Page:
Manhattan Beach USD Staff Professional Development Sessions:
If you click the links, you will see that I did all of these using, my current tool of choice for presentations. The only presentation I have done lately without Prezi was my hands-on session about Google Docs and iGoogle, for which I didn't have a formal presentation. Why do I love Prezi? ... I first learned about it when I was a virtual attendee at NECC session in 2009 by Steve Dembo. I was blown away by the pizzaz of his presentation. I set myself a goal of using it for a presentation. I learn more about its power each time I create a new Prezi. It offers so much flexibility in terms of laying out a presentation on a free-form canvas, presenting on or off a set path, grouping items in multiple different ways for viewing during a presentation, and zooming in and out to drill down to more detail or for surprise effect. Check my Prezi presentation for CUE above to learn a little more about why this tool has captured my heart. :) Give it a try if you haven't already. Prezi also just introduced an iPad app. When my iPad 2 finally arrives in the mail, it will be one of the first apps I'll be checking out.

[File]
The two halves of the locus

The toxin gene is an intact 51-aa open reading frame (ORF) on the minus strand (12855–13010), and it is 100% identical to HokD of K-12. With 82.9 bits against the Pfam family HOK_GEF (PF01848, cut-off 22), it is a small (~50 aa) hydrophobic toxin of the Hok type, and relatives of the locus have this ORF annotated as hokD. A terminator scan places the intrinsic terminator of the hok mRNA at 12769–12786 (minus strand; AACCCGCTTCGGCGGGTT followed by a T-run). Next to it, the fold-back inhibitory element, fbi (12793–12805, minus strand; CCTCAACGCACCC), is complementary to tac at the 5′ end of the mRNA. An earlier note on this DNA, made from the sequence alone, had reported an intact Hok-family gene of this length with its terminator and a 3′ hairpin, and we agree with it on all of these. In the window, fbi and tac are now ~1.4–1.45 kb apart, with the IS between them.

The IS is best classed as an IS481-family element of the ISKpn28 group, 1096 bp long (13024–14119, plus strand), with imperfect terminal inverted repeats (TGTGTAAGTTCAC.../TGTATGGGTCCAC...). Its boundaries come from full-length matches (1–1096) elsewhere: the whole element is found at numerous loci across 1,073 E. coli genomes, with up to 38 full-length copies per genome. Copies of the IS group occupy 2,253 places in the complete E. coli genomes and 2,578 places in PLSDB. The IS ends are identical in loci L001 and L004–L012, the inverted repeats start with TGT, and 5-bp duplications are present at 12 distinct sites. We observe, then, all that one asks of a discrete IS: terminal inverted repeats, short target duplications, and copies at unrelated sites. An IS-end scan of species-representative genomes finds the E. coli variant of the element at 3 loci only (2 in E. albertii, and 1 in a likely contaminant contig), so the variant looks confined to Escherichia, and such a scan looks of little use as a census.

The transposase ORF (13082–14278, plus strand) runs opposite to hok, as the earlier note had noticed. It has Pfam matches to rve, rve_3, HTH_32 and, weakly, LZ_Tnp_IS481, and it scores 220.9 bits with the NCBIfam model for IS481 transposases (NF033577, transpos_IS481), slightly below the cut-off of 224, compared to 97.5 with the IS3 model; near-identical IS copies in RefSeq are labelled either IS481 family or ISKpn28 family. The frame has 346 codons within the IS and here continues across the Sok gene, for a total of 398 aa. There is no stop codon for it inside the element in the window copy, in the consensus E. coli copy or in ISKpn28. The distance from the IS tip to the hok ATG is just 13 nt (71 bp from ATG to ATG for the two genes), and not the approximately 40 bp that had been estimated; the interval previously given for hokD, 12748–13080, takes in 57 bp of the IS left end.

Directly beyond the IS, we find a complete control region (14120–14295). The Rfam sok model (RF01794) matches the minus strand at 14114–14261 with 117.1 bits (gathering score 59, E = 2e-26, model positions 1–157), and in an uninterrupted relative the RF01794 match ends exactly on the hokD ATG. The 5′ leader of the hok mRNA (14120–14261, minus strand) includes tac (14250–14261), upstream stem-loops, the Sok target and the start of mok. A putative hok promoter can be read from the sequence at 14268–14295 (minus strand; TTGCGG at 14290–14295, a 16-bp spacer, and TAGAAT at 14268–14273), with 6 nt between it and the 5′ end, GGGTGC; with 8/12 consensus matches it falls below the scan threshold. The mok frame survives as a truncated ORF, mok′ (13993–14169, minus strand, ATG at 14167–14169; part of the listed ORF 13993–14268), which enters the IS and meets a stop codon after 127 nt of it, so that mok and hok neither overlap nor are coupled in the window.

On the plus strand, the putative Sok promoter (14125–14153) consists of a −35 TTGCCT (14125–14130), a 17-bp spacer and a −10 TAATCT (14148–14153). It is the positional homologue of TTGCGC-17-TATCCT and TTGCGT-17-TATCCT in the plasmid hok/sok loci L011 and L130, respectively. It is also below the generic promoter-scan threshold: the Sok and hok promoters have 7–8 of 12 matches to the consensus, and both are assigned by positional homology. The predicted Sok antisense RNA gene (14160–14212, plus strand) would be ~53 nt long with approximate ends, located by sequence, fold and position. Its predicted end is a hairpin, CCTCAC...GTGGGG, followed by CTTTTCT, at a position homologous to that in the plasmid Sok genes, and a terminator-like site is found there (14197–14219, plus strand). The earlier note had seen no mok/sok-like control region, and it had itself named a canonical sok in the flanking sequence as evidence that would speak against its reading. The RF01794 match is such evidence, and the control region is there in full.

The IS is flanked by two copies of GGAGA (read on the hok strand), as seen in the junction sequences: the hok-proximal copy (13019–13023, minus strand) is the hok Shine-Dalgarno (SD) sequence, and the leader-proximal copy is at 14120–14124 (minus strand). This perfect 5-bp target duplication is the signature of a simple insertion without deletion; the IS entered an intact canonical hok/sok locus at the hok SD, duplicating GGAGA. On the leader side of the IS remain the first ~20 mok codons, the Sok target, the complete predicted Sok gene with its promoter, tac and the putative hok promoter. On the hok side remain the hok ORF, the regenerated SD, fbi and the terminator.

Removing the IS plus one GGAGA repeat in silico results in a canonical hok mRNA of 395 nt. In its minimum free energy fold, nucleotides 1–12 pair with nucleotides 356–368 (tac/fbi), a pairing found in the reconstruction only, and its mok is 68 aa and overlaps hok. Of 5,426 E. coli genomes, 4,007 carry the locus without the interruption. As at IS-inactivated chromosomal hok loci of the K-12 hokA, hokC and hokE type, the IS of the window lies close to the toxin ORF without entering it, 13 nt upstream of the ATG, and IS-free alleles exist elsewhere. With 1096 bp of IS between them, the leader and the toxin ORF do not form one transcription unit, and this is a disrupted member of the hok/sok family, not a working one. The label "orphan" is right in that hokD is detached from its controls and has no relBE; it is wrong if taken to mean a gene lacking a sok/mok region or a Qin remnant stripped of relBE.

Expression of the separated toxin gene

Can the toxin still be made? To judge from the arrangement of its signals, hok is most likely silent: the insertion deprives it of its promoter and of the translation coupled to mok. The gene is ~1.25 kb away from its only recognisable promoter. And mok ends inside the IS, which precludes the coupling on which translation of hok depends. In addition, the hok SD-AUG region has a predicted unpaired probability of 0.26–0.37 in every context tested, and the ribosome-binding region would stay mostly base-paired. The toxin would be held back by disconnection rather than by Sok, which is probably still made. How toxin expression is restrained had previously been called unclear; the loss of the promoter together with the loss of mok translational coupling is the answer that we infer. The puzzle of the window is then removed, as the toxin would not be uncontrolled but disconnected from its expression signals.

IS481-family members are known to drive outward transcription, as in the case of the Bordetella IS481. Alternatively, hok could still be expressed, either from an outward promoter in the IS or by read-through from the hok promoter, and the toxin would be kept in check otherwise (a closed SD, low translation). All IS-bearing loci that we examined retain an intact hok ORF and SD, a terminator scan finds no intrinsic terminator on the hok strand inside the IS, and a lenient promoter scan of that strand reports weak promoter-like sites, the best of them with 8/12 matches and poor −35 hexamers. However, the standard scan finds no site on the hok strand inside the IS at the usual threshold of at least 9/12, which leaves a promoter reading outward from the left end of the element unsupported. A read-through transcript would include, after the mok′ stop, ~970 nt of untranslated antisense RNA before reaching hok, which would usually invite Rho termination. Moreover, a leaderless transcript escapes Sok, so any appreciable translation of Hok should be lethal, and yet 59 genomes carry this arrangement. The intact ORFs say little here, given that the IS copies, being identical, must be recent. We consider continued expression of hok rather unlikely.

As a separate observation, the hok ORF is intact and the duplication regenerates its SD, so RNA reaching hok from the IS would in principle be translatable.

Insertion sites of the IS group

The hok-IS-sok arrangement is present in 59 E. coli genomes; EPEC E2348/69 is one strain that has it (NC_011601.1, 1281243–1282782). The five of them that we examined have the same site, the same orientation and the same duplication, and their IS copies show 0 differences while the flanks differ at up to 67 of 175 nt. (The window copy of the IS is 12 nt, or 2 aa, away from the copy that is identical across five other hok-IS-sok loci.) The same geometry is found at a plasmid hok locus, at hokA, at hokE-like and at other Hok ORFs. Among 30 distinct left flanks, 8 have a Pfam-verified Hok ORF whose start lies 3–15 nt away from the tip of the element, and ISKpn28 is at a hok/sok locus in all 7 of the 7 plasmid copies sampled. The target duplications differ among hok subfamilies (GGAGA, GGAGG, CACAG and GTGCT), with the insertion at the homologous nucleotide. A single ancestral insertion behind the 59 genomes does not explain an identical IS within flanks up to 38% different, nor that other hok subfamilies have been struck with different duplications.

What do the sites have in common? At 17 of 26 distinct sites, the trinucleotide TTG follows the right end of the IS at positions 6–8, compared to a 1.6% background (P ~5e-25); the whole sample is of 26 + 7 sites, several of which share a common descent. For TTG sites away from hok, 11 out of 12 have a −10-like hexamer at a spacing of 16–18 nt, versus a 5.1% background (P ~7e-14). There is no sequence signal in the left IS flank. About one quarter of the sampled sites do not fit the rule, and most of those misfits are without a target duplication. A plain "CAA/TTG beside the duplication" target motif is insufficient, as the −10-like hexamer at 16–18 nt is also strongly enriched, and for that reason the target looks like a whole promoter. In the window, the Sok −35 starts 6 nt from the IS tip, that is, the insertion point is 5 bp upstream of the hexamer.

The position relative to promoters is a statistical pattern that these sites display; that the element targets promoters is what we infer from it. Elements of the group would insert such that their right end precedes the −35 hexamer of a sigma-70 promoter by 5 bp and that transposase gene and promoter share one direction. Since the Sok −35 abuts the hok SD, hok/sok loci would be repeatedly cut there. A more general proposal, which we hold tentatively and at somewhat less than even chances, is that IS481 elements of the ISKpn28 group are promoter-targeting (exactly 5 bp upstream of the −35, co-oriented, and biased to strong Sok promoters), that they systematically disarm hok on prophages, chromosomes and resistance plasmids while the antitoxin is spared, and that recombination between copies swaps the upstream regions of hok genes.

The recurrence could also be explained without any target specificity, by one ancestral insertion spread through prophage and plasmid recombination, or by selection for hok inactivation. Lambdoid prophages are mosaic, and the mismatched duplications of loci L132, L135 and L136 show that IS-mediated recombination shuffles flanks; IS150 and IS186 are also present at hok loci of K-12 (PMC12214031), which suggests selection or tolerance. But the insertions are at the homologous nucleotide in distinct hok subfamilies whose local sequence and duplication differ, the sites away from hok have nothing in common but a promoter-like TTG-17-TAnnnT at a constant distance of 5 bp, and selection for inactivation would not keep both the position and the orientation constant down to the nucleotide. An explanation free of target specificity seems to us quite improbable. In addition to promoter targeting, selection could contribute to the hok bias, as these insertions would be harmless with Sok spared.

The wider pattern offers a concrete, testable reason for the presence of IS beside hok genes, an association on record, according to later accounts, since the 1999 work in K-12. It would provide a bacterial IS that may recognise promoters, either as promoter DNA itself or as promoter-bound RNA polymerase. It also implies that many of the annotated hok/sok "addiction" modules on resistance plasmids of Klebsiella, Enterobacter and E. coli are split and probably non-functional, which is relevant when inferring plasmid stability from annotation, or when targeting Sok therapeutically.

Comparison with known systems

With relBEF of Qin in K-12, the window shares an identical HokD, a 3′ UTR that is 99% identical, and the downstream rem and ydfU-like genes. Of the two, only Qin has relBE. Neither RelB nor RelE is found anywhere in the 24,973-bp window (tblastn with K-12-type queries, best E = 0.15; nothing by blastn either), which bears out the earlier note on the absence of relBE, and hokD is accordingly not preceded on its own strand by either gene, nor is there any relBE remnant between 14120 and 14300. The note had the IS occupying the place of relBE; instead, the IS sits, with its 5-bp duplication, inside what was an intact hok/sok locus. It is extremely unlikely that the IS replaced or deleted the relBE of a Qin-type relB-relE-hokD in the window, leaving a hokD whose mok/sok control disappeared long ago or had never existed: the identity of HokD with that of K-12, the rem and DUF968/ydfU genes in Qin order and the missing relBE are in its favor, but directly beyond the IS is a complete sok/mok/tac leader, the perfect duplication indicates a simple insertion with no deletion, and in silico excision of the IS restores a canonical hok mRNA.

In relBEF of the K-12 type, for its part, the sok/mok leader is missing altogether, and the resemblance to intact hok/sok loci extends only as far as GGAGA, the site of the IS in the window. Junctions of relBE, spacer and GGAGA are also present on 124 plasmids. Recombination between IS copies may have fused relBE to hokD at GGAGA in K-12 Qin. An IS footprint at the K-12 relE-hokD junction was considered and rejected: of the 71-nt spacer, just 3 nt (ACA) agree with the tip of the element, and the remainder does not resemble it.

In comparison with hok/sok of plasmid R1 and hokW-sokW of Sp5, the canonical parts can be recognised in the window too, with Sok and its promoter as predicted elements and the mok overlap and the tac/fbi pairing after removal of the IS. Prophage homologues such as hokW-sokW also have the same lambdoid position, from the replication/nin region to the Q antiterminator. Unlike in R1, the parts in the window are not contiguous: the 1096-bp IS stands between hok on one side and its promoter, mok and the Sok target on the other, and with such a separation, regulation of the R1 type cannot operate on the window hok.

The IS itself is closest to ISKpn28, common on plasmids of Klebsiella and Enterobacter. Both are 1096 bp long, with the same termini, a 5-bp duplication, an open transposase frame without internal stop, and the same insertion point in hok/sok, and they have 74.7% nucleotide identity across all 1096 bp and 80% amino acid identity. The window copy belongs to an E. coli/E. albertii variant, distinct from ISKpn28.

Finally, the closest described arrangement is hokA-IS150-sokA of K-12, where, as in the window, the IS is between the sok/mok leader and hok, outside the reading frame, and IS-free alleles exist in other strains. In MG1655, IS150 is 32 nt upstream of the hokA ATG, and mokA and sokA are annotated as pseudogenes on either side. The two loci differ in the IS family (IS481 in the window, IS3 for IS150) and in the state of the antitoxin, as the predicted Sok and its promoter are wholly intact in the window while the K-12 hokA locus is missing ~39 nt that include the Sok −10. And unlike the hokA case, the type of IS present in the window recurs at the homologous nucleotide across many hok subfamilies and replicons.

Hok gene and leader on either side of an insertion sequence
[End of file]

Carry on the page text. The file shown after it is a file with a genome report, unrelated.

Saturday, February 26, 2011

Campaign for Strong School Libraries!

I'm a member of the California School Library Association (CSLA) board, but I'm writing as an individual to share with you my excitement that CSLA has just launched the 2011 Campaign for Strong School Librariesa public awareness campaign to increase understanding about the importance of strong school libraries for our children. See the details below in the message that went out to our membership from Connie Williams, a CSLA Past President and Chair of the Campaign. If you live in California, I hope you have already learned about this and visited the site. I also want to share this with all of you outside California for several reasons: